S’pore doctor heads to rural villages to provide basic medical care

S'pore doctor heads to rural villages to provide basic medical care

The walk from the Kathmandu airport to the small Nepalese village of Phortse was a seven-day arduous trek.

Add 100kg worth of medical supplies and personal belongings to the mix and you would have a seemingly insurmountable task.

Yet Dr Gayathri Devi Nadarajan accomplished the feat with the help of Nepalese porters at the airport who helped to carry the equipment.

The 29-year-old emergency medical resident with SingHealth, who is attached to Singapore General Hospital, said: “They were amazing as they carried (equipment which amounted to) two to three times their bodyweight.”

Dr Gayathri headed to Phortse and two other villages in May 2012 to provide basic medical care to the people there. It was a trip she had been envisioning since she was a medical student.

She said: “I’ve always wanted to do medical work in the rural area, so when Kumaran (her then-boyfriend, who is now her husband) said he wanted to climb Mount Everest, I saw the opportunity for me to help out there.”

Before the trip, Dr Gayathri’s husband, Dr Kumaran Rasappan, 29, also a doctor, went on several practice climbs in Nepal. During these climbs, he visited the villages there and realised there was a need for better medical facilities and infrastructure. There was one main hospital in the region, but it was a four-hour walk from other villages.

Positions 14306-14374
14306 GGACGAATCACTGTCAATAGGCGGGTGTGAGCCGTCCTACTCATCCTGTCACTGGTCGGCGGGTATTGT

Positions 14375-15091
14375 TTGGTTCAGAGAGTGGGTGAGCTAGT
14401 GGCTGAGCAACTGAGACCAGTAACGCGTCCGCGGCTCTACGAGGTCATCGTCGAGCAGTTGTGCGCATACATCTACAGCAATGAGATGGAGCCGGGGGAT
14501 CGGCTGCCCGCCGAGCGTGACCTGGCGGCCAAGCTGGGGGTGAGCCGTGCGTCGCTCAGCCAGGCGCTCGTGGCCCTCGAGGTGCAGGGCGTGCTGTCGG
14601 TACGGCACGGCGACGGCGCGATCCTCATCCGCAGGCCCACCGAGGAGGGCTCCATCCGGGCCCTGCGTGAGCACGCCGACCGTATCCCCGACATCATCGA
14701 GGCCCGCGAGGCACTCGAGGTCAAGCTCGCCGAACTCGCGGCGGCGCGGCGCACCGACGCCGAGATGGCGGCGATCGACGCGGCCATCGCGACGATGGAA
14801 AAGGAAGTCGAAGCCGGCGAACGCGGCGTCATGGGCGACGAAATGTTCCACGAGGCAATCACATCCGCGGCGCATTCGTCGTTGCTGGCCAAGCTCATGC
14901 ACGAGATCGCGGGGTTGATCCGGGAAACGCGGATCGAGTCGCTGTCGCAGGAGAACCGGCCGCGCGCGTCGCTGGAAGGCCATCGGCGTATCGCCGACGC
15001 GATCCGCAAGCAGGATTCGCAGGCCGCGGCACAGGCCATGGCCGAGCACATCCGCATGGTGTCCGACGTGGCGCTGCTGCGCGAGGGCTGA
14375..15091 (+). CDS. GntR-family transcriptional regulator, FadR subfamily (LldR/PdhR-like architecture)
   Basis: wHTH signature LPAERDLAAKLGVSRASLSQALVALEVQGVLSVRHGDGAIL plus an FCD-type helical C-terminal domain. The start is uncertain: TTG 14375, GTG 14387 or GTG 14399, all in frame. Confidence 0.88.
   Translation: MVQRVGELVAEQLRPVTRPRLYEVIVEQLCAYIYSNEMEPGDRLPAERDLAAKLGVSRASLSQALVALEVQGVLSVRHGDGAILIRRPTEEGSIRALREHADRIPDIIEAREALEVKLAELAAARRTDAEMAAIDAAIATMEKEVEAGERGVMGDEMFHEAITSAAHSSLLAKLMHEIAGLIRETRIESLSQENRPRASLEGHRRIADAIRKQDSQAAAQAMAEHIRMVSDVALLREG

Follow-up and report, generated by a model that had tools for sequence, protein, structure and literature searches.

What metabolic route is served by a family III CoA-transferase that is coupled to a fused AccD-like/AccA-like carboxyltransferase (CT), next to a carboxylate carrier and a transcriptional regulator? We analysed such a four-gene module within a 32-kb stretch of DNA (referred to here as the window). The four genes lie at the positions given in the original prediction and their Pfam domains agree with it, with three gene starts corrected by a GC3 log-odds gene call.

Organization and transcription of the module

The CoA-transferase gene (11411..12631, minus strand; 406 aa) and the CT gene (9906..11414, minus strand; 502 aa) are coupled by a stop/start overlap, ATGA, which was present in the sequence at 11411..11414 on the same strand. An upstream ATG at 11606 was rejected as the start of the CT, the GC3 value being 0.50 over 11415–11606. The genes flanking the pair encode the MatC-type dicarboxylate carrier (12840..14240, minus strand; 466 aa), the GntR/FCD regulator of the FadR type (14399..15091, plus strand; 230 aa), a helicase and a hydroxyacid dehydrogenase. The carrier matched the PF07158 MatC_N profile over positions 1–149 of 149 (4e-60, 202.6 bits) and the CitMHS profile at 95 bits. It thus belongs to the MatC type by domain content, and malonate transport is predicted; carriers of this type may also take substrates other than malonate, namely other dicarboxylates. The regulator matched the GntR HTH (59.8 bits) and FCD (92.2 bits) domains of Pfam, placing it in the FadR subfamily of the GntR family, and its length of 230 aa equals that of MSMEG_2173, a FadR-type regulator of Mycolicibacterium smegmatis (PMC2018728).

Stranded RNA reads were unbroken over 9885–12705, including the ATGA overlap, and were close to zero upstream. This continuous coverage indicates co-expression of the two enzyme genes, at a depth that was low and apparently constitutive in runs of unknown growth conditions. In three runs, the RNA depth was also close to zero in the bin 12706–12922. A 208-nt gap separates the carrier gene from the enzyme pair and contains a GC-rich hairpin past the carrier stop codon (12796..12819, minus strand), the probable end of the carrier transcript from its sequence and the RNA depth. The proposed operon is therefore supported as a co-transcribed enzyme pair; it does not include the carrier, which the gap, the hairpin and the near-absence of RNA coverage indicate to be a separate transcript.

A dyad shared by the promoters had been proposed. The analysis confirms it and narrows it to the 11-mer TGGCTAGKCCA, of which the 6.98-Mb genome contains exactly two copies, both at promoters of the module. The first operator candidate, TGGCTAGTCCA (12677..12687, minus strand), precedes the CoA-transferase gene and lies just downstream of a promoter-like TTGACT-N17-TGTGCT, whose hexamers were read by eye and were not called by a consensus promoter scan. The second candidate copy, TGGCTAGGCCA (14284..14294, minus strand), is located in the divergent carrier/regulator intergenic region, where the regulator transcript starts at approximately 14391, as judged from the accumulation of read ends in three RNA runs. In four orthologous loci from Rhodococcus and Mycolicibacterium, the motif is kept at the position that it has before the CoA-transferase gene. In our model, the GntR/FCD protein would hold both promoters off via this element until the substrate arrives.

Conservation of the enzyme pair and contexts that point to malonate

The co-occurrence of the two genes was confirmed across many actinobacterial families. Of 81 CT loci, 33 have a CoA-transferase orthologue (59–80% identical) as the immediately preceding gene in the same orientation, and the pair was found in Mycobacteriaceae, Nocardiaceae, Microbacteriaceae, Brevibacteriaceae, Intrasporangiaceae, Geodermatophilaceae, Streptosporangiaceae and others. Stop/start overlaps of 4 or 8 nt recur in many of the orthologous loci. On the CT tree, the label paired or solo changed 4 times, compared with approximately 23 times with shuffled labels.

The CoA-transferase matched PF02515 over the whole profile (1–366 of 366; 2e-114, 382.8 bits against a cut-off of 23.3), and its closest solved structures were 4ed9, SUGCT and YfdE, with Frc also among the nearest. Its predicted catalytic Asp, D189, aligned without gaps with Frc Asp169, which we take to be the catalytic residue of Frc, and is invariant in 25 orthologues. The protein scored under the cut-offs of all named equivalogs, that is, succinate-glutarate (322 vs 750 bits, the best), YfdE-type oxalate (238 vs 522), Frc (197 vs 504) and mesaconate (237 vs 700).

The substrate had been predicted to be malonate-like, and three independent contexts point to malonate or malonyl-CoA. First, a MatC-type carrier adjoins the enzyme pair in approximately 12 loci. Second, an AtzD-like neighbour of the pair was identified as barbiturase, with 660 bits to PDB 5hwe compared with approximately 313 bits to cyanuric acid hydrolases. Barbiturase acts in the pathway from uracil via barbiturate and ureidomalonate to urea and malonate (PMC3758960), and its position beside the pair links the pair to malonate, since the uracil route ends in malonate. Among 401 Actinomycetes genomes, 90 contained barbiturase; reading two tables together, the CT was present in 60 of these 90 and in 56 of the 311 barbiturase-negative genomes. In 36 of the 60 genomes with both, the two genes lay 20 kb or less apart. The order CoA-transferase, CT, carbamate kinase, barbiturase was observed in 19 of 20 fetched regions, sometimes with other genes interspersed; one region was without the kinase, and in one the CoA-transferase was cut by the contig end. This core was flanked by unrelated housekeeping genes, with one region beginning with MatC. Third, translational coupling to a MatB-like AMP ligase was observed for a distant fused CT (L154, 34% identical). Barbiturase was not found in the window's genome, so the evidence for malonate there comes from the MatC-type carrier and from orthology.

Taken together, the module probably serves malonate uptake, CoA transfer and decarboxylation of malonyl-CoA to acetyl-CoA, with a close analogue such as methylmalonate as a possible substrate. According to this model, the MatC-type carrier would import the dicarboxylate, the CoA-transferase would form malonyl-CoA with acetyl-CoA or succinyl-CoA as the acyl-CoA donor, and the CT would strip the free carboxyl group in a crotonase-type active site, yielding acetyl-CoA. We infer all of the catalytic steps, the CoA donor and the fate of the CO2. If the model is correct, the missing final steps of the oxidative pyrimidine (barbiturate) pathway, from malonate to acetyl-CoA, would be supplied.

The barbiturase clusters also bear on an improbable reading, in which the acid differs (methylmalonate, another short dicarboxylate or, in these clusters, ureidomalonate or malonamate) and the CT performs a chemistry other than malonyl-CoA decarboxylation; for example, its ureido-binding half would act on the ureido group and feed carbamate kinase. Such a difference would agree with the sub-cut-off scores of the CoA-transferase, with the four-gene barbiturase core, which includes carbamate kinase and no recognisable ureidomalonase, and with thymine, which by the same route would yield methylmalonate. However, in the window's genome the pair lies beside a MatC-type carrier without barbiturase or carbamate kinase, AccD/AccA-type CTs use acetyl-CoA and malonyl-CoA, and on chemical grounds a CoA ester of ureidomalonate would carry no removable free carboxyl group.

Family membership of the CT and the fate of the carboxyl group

Several villages had a small satellite hospital post, but these were basic and dilapidated.

In Phortse, there was just one room with an examination bed and a tap that did not provide running water.

Noting down what was needed, Dr Gayathri and her husband approached various organisations, family and friends to get the necessary equipment.

One of them was foldable stretchers. The version the Nepalese used comprised two bamboo poles and a piece of cloth in between, which made carrying it in the mountains a tough job. To tackle the problem, Dr Gayathri sought sponsorship for foldable stretchers that were portable and light.

When everything was ready, the couple headed to Nepal in May 2012 for a two-month trip.

Health education

Hoping to do something that could be maintained after they left, Dr Gayathri also made an effort to carry out health education. She recounted: “More than just treatment, I taught them basic hygiene, child hygiene and nutrition as well as maternal healthcare. I also trained the nurses.”

Before her arrival, the nurses treated illnesses mostly with Panadol. Dr Gayathri explained to them how to treat the different illnesses and also brought other types of basic medication like antibiotics.

Dr Gayathri and her husband are now looking to bring a larger team and a wider set of skills to Nepal next year.

She said: “Many other doctors have expressed interest, so for the next trip, maybe we can bring more equipment and a wider skill set. That way we can offer more aid, for example, eye screening.

“Health education is universal. Education is the most power tool we can utilise to create change that is sustainable.”

Source: The New Paper